#BlackOutDay Sparks Conversation on Healthcare Accessibility

Eastern Connecticut State University hosted a #EasternBlackOut event on March 6 for students to discuss the disadvantages that women of color face in the healthcare system. The event was hosted by student ambassadors from the Intercultural Center (IC) and student leaders from the Multicultural Leadership Council (MLC).

#EasternBlackOut events are hosted on the sixth day of every month. Those who attend are encouraged to wear all black to protest racial injustice against people of color.

Rebecca Loh, an IC ambassador and New Media Studies major, gave a presentation about healthcare statistics. According to the Institute of Women’s Policy Research, women of color are more likely to be uninsured, and doctors treat their symptoms less seriously and frequently misdiagnose their cases.

Eastern philosophy professor Ana Funes-Maderey spoke about accessibility issues in nontraditional forms of medicine. Many people of color, especially those of indigenous descent, seek alternative forms of medicine such as herbs, yoga or natural remedies.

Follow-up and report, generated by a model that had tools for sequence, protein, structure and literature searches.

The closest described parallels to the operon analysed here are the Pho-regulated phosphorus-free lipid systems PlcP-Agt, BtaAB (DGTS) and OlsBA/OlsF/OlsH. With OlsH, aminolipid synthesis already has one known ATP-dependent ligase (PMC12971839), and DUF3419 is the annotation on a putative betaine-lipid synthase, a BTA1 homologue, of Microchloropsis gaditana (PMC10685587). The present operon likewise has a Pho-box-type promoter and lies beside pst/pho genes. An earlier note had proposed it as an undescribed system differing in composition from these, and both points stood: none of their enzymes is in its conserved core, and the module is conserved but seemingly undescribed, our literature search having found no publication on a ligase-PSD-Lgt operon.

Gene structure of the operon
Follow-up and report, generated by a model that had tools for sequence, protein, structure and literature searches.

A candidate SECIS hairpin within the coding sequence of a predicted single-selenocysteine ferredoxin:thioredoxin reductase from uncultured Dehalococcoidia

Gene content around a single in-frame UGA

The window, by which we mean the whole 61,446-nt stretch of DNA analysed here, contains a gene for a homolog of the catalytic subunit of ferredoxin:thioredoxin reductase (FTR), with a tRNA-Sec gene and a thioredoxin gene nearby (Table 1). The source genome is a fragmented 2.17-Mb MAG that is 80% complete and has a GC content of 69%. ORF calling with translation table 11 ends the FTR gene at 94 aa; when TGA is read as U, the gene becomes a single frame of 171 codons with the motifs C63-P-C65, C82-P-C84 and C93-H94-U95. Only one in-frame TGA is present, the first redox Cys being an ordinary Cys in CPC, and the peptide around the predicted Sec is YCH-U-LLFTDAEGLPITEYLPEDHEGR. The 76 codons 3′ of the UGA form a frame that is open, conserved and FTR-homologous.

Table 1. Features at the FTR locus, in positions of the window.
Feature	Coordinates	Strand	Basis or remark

“But even in these spaces there are barriers,” Funes-Maderey said. “When you think of the person who leads a yoga class, who is it usually? A thin, white, able-bodied, cisgender woman. And that fact alone can be very alienating to minority communities; it makes people feel as though the space is not for them.”

Several students discussed the challenges of going to the doctor and feeling alienated or misunderstood. A student shared a story about the difficulties finding a therapist who knew how to properly treat mental illnesses among women of color.

“I had a session with him where I was talking about micro-aggressions and racist experiences I’ve had, and at the end of it he said, ‘Wow, I’ve learned so much from you,’” she said.“And it just made me think: why am I teaching my therapist something? When are you going to help me?”

Written by Raven Dillon